Factor #x^2 +12x +36?#

3 Answers
Jul 15, 2018

Answer:

See a solution process below:

Explanation:

Because the #x^2# coefficient is #1# we know the coefficient for the #x# terms in the factor will also be #1#:

#(x )(x )#

Because the constant is a positive and the coefficient for the #x# term is also a positive we know the sign for the constants in the factors will both be positive:

#(x + )(x + )#

Now we need to determine the factors which multiply to 36 and also add to 12:

#1 xx 36 = 36#; #1 + 36 = 37 # <- this is not the factor

#2 xx 18 = 36#; #2 + 18 = 20 # <- this is not the factor

#3 xx 12 = 36#; #3 + 12 = 15 # <- this is not the factor

#4 xx 9 = 36#; #4 + 9 = 13 # <- this is not the factor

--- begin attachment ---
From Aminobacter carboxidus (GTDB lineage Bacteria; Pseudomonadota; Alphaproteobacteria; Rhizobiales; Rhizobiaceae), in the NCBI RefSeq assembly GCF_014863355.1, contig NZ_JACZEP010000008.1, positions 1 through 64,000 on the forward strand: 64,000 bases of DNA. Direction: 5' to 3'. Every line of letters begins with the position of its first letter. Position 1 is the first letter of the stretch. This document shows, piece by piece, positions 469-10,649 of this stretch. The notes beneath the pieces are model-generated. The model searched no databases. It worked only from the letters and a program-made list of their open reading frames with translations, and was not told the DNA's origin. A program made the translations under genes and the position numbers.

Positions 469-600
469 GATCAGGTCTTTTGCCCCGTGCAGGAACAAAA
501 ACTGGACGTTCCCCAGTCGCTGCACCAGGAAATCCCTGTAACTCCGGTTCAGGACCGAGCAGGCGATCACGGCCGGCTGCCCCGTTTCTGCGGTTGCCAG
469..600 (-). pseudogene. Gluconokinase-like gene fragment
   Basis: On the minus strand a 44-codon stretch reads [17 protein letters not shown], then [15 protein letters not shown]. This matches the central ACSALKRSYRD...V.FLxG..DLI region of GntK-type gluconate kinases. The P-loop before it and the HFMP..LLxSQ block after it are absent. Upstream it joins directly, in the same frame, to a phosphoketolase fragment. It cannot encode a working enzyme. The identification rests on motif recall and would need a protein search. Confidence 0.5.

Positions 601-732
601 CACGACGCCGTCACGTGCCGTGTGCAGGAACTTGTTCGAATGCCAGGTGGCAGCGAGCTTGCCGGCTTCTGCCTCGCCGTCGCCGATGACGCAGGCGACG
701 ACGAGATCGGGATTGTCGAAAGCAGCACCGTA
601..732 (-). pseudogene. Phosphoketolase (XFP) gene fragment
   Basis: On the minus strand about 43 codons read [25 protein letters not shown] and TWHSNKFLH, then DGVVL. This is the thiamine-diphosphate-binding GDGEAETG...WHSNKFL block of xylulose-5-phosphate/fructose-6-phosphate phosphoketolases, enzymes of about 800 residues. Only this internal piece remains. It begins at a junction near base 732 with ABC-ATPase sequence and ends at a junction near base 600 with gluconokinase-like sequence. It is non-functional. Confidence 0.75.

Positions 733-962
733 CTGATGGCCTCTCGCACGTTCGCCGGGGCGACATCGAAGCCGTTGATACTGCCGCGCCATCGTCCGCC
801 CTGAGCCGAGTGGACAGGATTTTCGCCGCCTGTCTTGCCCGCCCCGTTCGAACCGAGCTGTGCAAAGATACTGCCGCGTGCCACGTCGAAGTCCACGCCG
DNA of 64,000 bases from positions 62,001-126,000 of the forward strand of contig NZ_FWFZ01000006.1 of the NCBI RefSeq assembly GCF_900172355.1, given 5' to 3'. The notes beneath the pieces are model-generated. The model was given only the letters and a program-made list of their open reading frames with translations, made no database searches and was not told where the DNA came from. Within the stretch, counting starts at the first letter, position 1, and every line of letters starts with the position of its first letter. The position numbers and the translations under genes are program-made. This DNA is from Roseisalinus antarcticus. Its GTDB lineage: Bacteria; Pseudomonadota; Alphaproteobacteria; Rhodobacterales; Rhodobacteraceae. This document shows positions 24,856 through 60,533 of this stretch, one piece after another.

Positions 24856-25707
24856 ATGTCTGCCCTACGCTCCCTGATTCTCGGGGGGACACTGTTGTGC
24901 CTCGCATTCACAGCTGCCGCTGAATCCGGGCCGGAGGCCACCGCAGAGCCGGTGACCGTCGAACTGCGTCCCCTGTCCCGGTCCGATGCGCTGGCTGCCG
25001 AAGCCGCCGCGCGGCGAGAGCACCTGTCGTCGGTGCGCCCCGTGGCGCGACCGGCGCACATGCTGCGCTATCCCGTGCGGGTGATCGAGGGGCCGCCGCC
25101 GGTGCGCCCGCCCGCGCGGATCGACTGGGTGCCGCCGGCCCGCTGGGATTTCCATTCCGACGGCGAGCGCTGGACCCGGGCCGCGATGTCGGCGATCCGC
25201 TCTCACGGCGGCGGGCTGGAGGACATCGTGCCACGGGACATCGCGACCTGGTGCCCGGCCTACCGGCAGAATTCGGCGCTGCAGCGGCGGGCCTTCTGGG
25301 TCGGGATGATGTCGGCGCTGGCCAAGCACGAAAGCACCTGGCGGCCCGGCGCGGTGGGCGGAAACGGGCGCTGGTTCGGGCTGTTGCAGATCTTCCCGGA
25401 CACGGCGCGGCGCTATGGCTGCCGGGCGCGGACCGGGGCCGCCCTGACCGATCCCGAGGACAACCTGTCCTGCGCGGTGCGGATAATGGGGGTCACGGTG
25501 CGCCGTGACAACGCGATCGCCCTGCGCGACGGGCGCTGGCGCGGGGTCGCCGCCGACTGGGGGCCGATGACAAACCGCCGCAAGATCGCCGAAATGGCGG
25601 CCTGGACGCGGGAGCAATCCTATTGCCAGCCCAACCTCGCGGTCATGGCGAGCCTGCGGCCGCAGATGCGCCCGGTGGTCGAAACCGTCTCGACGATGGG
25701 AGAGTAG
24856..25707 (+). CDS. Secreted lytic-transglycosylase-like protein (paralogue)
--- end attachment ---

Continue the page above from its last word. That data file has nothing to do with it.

#6 xx 6 = 36#; #6 + 6 = 12 # <- this IS the factor

#(x + 6)(x + 6)#

Jul 15, 2018

Answer:

#(x+6)^2#

Explanation:

#" consider the "color(blue)"perfect square "(x+-a)^2#

#(x+-a)^2=x^2+-2ax+a^2#

#"compare to "x^2+12x+36#

#"with "a^2=36rArra=6#

#"and "2ax=2xx6x=12x#

#rArrx^2+12x+36=(x+6)^2#

Jul 15, 2018

Answer:

#(x+6)^2#

Explanation:

What two numbers sum up to the middle term (#6#), and have a product of the last term (#36#)?

After some trial and error, we arrive at #6# and #6#, which means we can factor this as

#(x+6)(x+6)# or #(x+6)^2#

Another way we could have approached this is that we see that the leading term and the last term are both perfect squares.

With this in mind, we could rewrite the expression as

#(x)^2+12x+(6)^2#

Now, it becomes a little more clearer that we can factor this as

#(x+6)^2#

Hope this helps!